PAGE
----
You see these a lot in superhero comics, characters shot from below to make them look more imposing and majestic.
    Like in Leni Riefenstahl movies.


    Reverse shot – It´s when you turn the camera around to show what the character is looking at. Duh.



    I love pin-ups.
    However, a comic is not made of splashpages, it´s made of sequentials.
    The good sequential is the group of panels that when combined, give us a sense of continuity in action.


    There is nothing worst for a comicbook artist than to have a reader look at your work as if it was a rubik cube.
    The reader wants to be immersed in your universe, not struggle to understand what happended from a panel to the next .
    The good storyteller lays it all out in the open for them to see what happens.

    Your page hás to be so clear from one panel to the next that a person can look at it and understand what happened even without the word ballons to spell it out.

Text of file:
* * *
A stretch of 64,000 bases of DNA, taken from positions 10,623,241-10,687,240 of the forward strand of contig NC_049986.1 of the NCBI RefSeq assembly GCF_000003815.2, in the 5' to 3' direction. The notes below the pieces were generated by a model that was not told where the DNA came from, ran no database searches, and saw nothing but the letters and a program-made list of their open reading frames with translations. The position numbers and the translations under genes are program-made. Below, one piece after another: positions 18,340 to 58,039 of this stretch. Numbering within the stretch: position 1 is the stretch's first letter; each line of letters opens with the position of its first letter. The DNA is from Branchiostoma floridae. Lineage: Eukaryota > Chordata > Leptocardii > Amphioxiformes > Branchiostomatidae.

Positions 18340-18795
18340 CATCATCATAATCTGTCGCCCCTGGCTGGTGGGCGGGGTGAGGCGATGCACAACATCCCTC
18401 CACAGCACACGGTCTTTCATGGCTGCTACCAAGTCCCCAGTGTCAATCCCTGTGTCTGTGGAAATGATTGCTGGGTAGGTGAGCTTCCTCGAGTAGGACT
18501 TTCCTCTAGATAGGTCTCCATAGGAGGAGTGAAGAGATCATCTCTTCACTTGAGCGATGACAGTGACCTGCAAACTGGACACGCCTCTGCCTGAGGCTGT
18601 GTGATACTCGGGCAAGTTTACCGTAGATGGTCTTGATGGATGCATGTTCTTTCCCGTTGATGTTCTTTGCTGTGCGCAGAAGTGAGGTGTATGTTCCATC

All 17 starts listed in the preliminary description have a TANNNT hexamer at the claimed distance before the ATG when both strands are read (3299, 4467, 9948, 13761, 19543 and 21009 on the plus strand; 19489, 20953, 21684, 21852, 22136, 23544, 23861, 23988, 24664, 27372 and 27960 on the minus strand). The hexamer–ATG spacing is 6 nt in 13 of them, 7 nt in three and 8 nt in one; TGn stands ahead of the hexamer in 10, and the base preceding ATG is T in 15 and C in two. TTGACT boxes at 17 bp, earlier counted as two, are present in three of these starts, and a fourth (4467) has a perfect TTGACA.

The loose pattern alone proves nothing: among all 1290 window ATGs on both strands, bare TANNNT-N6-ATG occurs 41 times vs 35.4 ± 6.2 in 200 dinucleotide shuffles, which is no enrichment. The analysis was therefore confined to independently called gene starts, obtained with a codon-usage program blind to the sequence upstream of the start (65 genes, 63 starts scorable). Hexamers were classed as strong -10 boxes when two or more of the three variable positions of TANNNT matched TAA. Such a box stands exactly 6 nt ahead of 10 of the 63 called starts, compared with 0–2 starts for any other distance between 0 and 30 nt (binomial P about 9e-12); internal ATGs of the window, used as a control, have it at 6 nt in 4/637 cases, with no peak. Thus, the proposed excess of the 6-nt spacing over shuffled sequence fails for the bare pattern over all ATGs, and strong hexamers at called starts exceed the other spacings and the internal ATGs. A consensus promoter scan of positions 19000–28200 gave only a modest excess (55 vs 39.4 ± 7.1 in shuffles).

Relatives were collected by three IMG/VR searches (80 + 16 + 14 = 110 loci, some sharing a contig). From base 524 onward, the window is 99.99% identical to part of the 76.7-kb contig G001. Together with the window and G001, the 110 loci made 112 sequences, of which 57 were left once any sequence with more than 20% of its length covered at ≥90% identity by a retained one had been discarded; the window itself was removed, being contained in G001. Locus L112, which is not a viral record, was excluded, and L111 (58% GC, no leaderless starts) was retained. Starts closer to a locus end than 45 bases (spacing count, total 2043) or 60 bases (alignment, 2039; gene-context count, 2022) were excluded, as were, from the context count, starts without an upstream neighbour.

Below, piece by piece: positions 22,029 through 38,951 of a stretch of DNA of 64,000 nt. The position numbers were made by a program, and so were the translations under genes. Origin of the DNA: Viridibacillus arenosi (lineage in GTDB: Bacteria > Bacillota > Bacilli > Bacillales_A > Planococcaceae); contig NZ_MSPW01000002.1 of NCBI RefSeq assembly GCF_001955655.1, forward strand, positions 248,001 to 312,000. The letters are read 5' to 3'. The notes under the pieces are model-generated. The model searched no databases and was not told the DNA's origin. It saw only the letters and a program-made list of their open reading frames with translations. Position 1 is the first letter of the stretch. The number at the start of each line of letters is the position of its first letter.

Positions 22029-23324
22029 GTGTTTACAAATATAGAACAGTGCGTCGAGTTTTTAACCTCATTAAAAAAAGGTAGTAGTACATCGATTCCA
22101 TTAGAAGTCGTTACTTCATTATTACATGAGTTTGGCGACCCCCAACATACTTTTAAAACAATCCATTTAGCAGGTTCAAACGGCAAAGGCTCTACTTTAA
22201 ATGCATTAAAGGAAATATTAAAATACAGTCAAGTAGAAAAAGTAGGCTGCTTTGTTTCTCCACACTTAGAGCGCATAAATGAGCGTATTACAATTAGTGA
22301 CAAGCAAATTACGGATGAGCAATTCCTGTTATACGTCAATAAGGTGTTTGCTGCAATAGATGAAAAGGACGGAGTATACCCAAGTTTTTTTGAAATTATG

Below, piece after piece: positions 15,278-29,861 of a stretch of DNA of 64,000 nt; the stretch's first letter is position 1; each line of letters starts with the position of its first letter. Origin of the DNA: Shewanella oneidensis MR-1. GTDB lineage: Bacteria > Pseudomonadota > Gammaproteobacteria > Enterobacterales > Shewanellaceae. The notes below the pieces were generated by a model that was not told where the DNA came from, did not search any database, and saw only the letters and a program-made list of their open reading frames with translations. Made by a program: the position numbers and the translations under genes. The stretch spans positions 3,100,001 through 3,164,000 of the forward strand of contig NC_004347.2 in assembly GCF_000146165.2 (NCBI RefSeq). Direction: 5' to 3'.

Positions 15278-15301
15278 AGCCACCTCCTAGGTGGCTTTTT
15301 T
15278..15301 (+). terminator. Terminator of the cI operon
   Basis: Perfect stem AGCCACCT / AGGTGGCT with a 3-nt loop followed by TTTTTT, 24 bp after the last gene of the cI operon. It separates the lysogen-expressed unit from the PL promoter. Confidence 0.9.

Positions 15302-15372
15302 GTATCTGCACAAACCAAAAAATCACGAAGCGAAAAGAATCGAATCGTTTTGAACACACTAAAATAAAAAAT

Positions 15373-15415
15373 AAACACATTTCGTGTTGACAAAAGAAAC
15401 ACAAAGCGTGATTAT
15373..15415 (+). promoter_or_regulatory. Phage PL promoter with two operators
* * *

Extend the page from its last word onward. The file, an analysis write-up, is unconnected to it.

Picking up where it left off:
So many rules and numbers....

    Just assimilate it and then you can start having fun.

    You don´t get into comics because you want to make money (there are far smarter ways to acchieve that), you get into comics because you want to tell stories.
    And when it comes to telling stories, comics hás no rivals.

    It only takes imagination, a pencil, and a paper.

  • benz0rsbenz0rs Registered User
    edited January 2006

    I dont know if this should be moved/linked from the tutorial thread, but I think it would be a good idea.

  • ProjeckProjeck Registered User regular
    edited January 2006

  • McGibsMcGibs Registered User regular
    edited January 2006

    very informative.

    but yet another reason why I dont wanna go into comics as a career. I like my organized choatic approach to attacking my comics. I think my brain would liquify if i actually did every one of those steps.

    The panel part was helpful for me.

  • Stupid Mr Whoopsie NameStupid Mr Whoopsie Name Registered User, ClubPA regular